We’ve got to be on spaces like TicTok, Twitter, Instagram, where a lot more people are interacting, and package our information differently for different ages and different segments of the population.
When you’re in public spaces, and people know you’re a physician, you are representing the profession, whether you want to be or not. It’s just part of what goes along with the privilege of something like being a physician.”
Dr. Smart also makes the points that social media is not for all physicians but those who choose to use the platforms need the appropriate education to do so – something that is often lacking at the medical learner stage. She also talks about how useful social media has been for her in networking with her peers.
Dr. Smart’s comments are mirrored by the new emphasis that the CPSO guidelines place on physicians only sharing information on social media that is evidence-based. This new emphasis comes directly as a result of the COVID-19 pandemic and the proliferation of non-scientific views by some physicians.
Why consider using social media or social networks professionally as a medical student or physician?
Social networking is a key component of the digital world where physicians now have to practice. To quote Dr. Bertalan Mesko, a Hungarian physician and leading futurist, from a few years ago: “Today’s medical professionals must be masters of different skills that are related to using digital devices or online solutions and mastering those skills is now a crucial skill set that all medical professionals require.” Changes forced upon medical practice by the pandemic have made this even more important.
I believe part of what Dr. Stern is referring to is the fact that patients use social media extensively to talk about medical matters in general or even their own health. Broader conversations about health policy are also happening there. This has been particularly true since the pandemic.
So, arguably to understand or to participate in those conversations you need a social media presence.
I list here what I believe to be the key ways in which medical learners and physicians can use social media to stay informed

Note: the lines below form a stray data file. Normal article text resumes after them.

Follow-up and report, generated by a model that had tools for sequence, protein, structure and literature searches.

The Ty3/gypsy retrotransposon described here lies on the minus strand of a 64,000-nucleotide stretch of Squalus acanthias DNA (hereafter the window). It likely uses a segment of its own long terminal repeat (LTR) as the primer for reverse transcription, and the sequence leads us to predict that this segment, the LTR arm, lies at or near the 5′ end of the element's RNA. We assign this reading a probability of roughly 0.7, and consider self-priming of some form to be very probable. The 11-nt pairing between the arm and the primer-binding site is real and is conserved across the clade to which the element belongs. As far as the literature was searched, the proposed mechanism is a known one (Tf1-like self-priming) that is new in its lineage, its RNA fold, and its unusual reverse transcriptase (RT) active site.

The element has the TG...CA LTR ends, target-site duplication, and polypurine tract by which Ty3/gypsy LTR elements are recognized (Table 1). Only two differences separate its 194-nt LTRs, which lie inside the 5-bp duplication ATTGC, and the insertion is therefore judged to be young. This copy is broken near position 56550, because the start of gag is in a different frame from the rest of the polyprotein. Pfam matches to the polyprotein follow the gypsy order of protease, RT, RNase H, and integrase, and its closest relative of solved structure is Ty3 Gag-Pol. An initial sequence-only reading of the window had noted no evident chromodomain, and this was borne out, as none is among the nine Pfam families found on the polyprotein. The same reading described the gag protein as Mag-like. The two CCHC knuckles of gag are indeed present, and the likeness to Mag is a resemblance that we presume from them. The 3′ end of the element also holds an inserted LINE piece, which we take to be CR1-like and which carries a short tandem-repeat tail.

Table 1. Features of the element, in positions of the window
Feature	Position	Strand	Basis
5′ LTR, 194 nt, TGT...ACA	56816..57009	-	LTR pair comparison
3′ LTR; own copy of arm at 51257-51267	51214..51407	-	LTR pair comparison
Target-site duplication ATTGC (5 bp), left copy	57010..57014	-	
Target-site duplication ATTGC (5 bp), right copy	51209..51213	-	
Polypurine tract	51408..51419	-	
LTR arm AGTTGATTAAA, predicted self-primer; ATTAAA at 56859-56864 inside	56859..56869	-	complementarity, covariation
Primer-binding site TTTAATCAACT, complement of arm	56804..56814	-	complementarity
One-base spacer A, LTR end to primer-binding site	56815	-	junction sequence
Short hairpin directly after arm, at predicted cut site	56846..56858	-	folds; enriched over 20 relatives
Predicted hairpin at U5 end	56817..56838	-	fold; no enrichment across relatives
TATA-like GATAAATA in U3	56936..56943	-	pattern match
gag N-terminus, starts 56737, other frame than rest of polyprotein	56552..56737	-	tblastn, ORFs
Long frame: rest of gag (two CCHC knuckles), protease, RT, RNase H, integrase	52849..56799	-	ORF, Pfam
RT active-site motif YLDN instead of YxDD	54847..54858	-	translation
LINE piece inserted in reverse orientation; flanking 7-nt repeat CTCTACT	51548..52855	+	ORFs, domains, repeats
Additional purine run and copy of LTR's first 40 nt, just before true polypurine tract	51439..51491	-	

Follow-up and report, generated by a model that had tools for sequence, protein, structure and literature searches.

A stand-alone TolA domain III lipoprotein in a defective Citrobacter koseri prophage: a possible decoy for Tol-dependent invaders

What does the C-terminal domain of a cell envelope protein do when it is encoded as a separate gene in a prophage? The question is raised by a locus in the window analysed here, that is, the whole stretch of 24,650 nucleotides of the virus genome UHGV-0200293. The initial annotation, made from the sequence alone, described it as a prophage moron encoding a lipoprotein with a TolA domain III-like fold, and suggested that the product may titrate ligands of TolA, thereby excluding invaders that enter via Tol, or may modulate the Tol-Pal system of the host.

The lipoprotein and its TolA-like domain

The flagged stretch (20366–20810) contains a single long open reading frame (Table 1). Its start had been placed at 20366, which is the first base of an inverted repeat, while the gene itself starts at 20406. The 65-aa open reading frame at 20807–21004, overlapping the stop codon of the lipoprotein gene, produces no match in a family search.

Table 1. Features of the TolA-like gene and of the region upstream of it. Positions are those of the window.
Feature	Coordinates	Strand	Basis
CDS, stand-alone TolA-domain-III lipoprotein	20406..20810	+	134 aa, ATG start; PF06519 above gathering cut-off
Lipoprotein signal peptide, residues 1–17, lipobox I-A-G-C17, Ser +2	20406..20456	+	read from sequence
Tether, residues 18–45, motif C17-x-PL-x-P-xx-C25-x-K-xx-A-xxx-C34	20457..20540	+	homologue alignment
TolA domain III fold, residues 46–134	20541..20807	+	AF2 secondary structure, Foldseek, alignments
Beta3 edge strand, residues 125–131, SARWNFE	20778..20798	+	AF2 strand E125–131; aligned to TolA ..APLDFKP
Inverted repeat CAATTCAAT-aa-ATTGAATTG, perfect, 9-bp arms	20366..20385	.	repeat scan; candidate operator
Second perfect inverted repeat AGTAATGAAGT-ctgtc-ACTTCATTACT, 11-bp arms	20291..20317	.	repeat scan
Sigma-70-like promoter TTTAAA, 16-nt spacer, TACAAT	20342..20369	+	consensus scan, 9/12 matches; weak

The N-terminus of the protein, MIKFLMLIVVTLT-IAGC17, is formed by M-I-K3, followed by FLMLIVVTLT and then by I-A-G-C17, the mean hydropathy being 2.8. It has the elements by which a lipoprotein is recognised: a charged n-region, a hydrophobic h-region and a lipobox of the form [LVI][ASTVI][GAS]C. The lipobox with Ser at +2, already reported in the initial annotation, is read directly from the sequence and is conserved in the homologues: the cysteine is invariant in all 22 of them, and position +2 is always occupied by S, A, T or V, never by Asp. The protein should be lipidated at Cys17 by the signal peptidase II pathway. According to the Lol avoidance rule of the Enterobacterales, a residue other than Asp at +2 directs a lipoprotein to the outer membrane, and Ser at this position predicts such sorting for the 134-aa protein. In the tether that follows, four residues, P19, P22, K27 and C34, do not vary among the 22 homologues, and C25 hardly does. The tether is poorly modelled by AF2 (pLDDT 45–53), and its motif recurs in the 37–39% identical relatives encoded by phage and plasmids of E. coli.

Follow selective media outlets who often post news first on social media channels before more traditional outlets.
Follow trusted individuals who curate useful medical information and provide links to original sources.
Monitor selected journal releases in a timely fashion.
Up to date clinical information can be obtained following medical conference hashtags. The recent European cardiology conference #ESCCongress is a great example of this.
Interact with experts
Monitor important conversations around medical issues – everything from masks in the pandemic to proper airway management
Social media is not only a great way of networking with peers, colleagues, experts and patient advocates but social media channels can also be a powerful way of building alliances. Through networking and use of social media women physicians and racialized physicians have become far more empowered and they have used their social networks for support when challenged by others.
Social media can also be a powerful means of providing inspiration and just provide “feel good” moments at a time when the medical profession needs this more than ever.
Social media is IRL and more and more physicians and others are sharing their lives – not just with friends on Facebook but even in the world on Twitter and LinkedIn.
They’re sharing life changing events in their lives on Twitter. Births, deaths, breakups and breakdowns. They are also sharing what they see and feel and this has been particularly event in relation to COVID-19.
I would argue this is part of a bigger picture. The role of physicians in society is changing – as is the way the medical profession views its own commitment to society.
Unlike a decade ago physicians often maintained separate existences on social media with different accounts for their personal and professional lives – now more and more they are merging the two. The CPSO guidance acknowledges this while stressing that physicians should act professionally however they are using social media.
This personalized approach has been indirectly endorsed by a court decision in Saskatchewan Court of Appeal – the province’s highest court, in a case involving a nurse which stated in 2020 that “Nurses, doctors, lawyers and other professionals are also sisters and brothers, and sons and daughters.” Mr. Justice Brian Barrington-Foote went on to say: “They are dancers and athletes, coaches and bloggers, and community and political volunteers. They communicate with friends and others on social media. They have voices in all of these roles. The professional bargain does not require that they fall silent.”
In an interview in 2021, new CMA president Dr. Alika Lafontaine said this sharing by physicians has been powerfully cathartic. “I’ve never heard so many physicians actually share the pain that they go through day after day. I’m both sad, as I hear the stories, and hopeful, because we’re sharing the lived reality of what we’re going through.
The bottom line is that you can maintain and professional presence on social media and interact professionally while also being a human being and sharing – to whatever degree you feel appropriate – your personal life.
I liken it to being a physician in a small community. You care for patients but you also shop in the local grocery store and take your kids to soccer practice.